Weather

More rain looms as Northern California recovers from weekend storm

Video of flooding and high water levels around Sacramento

The Sacramento Fire Department released video today shortly after noon showing a flooded Northgate Boulevard and Discovery Park, as well as high water levels along the Sacramento River and at a weir feeding into the Yolo Bypass.
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The Sacramento Fire Department released video today shortly after noon showing a flooded Northgate Boulevard and Discovery Park, as well as high water levels along the Sacramento River and at a weir feeding into the Yolo Bypass.

American River Parkway to reopen

5:20 p.m. Much of the American River Parkway will reopen Tuesday, according to an update from the Sacramento County parks department.

The department said Discovery Park would remain closed, as would Gristmill Park, the PCA Bridge, and river-access parks at Howe Avenue and Watt Avenue. Gibson Ranch remains closed until further notice.

Landslide closes parking lot at South Yuba River State Park

3:55 p.m.: California State Parks announced that the parking lot at South Yuba River State Park along Highway 49 in Nevada County has been closed due to a landslide. Park officials were assessing the damage. Officials said the area remains extremely dangerous and advised people not to park along Highway 49.

Flooding closes Twin Cities Road in south Sacramento County

1:01 p.m.: The California Highway Patrol announced the closure of Twin Cities Road in south Sacramento County between Bruceville Road on the west and Pellandini Road on the east due to water lapping over the roadway. The CHP traffic incident website said it appeared water was flowing from one farm field into another.

The Sacramento County Office of Emergency Services also reported Monday that Dillard Road was closed between Highway 99 and Riley Road due to encroachment from the Cosumnes River.

Caltrans reports that several miles of Highway 128 in Yolo County are closed due to flooding and road damage caused by a falling tree a few miles east of Winters to the Monticello Dam on Lake Berryessa.

Overturned boat in Sacramento River at Tower Bridge

12:55 p.m.: Fire crews believe a boat spotted overturned in the Sacramento River by the Tower Bridge may be an abandoned vessel.

Sacramento and West Sacramento fire departments responded to a report of a partially submerged boat in the fast-moving river about 12:30 p.m. Monday. The crews worked to bring the boat to shore.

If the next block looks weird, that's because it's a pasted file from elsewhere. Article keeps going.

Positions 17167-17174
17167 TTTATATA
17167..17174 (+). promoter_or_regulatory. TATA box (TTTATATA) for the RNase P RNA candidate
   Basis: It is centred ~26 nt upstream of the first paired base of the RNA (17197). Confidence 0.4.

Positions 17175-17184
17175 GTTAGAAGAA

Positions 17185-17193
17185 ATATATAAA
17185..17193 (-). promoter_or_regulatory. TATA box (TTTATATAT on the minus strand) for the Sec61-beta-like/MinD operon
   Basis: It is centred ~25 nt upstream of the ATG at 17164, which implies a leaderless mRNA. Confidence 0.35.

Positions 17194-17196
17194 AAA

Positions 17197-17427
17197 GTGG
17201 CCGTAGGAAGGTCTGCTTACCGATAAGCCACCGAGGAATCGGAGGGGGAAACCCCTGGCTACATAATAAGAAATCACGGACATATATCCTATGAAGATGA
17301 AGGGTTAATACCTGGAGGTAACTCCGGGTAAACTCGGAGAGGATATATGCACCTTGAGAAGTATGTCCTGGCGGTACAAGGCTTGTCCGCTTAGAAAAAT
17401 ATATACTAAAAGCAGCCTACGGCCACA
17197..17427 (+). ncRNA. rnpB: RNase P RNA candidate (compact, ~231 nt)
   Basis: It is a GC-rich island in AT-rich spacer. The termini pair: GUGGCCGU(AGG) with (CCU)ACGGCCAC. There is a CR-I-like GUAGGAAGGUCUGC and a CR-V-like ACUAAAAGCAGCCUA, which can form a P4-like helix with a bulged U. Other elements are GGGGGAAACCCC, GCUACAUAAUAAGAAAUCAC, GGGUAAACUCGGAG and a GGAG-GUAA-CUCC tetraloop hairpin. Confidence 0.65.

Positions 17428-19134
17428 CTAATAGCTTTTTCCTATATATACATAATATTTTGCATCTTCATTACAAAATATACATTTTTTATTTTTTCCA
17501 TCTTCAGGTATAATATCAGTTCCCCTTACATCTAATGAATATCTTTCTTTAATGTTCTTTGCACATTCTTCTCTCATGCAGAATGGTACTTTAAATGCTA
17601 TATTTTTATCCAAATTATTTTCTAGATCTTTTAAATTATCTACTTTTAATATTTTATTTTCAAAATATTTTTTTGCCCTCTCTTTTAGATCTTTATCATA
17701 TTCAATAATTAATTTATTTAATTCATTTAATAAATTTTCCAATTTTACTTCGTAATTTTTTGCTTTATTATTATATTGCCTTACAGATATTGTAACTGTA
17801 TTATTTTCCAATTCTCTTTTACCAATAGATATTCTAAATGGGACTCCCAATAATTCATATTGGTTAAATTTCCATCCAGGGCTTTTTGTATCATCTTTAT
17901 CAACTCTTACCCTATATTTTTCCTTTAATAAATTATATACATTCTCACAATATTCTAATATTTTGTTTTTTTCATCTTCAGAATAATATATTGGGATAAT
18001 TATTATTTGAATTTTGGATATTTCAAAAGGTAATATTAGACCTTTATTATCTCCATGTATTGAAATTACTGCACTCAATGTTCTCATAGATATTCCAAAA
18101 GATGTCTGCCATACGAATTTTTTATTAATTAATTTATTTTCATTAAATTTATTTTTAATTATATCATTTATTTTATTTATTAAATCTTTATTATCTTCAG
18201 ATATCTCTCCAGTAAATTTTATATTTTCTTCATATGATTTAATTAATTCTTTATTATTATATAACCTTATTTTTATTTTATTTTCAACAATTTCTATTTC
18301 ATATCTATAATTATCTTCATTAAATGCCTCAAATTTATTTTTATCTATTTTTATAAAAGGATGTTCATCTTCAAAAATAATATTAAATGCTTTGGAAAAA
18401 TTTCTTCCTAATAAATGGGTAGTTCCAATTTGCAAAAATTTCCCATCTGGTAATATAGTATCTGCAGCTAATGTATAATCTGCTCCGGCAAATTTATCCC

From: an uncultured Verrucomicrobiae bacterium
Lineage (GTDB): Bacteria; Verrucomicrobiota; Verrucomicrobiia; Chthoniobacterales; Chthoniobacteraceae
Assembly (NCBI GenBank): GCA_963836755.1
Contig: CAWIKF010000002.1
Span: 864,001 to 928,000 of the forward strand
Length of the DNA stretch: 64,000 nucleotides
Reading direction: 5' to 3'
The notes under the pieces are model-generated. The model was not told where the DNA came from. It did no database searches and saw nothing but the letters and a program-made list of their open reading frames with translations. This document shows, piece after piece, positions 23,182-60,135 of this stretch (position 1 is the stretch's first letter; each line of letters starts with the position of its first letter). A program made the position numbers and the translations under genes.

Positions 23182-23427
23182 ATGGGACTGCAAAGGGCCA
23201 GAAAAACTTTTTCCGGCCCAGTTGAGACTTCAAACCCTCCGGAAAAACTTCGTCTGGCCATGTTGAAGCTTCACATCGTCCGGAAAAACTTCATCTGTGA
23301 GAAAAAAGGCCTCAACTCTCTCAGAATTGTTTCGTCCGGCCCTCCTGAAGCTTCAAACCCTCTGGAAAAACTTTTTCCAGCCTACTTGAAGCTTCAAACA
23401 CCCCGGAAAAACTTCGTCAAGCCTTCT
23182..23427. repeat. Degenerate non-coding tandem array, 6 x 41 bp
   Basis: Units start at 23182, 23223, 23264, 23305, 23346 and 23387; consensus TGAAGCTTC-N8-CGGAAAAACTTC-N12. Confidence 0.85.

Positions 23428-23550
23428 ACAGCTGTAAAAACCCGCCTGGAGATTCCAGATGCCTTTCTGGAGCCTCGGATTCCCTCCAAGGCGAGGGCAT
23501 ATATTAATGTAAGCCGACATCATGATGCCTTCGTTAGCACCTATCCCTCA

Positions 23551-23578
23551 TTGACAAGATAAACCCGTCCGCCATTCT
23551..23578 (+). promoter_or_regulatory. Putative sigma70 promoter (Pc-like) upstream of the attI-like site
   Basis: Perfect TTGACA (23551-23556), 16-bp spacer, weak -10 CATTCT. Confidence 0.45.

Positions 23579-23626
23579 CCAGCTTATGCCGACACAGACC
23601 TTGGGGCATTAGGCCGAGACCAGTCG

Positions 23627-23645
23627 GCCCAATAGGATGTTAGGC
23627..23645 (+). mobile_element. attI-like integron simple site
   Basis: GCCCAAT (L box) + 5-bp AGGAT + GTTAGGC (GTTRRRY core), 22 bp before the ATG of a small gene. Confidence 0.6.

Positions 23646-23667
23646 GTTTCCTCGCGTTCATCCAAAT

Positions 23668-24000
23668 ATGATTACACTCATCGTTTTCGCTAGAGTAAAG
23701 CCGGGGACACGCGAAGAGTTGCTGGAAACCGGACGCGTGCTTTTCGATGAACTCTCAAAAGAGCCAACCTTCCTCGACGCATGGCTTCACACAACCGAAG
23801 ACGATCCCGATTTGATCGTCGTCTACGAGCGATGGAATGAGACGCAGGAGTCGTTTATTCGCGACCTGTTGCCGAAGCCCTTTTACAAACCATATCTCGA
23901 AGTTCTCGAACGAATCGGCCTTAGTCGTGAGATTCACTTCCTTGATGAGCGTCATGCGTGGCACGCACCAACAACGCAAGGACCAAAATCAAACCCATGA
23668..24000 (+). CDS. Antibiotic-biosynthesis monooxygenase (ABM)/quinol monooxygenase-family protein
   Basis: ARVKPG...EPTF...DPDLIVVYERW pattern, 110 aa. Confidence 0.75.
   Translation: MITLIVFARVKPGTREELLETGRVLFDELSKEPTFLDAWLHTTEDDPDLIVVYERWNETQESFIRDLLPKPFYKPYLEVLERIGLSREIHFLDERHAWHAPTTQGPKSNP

Interstate 80 open in both directions after mudslide, utility line problem

12:30 p.m.: The roadway has been cleared of mud at Donner Summit, allowing Interstate 80 to completely re-open to traffic.

Both directions of I-80 were closed Sunday night a few miles east of Donner Summit. Westbound was closed by a big mudslide, while the eastbound lanes were closed by low utility lines.

The lines were fixed early Monday morning and traffic allowed to head over the summit eastbound, but the effort to clear the lanes of westbound I-80 took a little longer.

Westbound I-80 is now open.

Eastbound Interstate 80 is open again after low utility lines were cleared in the area.

Northern California on pace for wettest year ever

Noon: In a normal water year, the Northern Sierra mountain range gets about 20 inches of precipitation by early January. So far this water year, the Northern Sierra has topped 40 inches of precipitation.

We’ve never seen that much precipitation by this point of the water year in 100 years of recorded weather, state figures show.

It’s still early. The water year runs from October through July. The biggest rainfall months remain ahead of us. The pace of rainfall and snowfall could slow.

But if the trend continues, the Northern Sierra, which feeds the Sacramento basin, could hit 100 inches of precipitation by the end of winter.

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More rain over weekend in Sacramento than during any other two-day period since 2000

11:30 a.m.: It’s been 15 years since Sacramento got this much rain, this fast.

About 3.9 inches of rain fell at Sacramento State on Saturday and Sunday, the highest two day rainfall total since 2000, state and federal data show.

Other parts of Northern California saw abnormally high rainfall totals. About 9.4 inches of precipitation fell at Wawona in Yosemite National Park on Saturday and Sunday, the highest two-day rainfall totals since 2009. Almost 13 inches of precipitation fell in the rural town of La Porte in Plumas County, the highest two day total since 2005.

River flows also reached points not seen in a decade. Water flowed through the American River at Fair Oaks at 36,000 cubic feet per second on Monday morning, the highest flows since 2006, state figures show.

Heavy rains and high winds swept across the Sacramento region and all of Northern California on Sunday, January 8, 2017. See scenes from the day, as streams spilled over their banks, trees toppled and roadways became treacherous.

Snowpack soaks up warm storm in Sierra

11:10 a.m.: The Sierra Nevada snowpack withstood the relatively warm rainstorm, to the relief of California drought experts. Some forecasters had feared that a good chunk of the snowpack, which is essential to alleviating the drought, might melt over the weekend.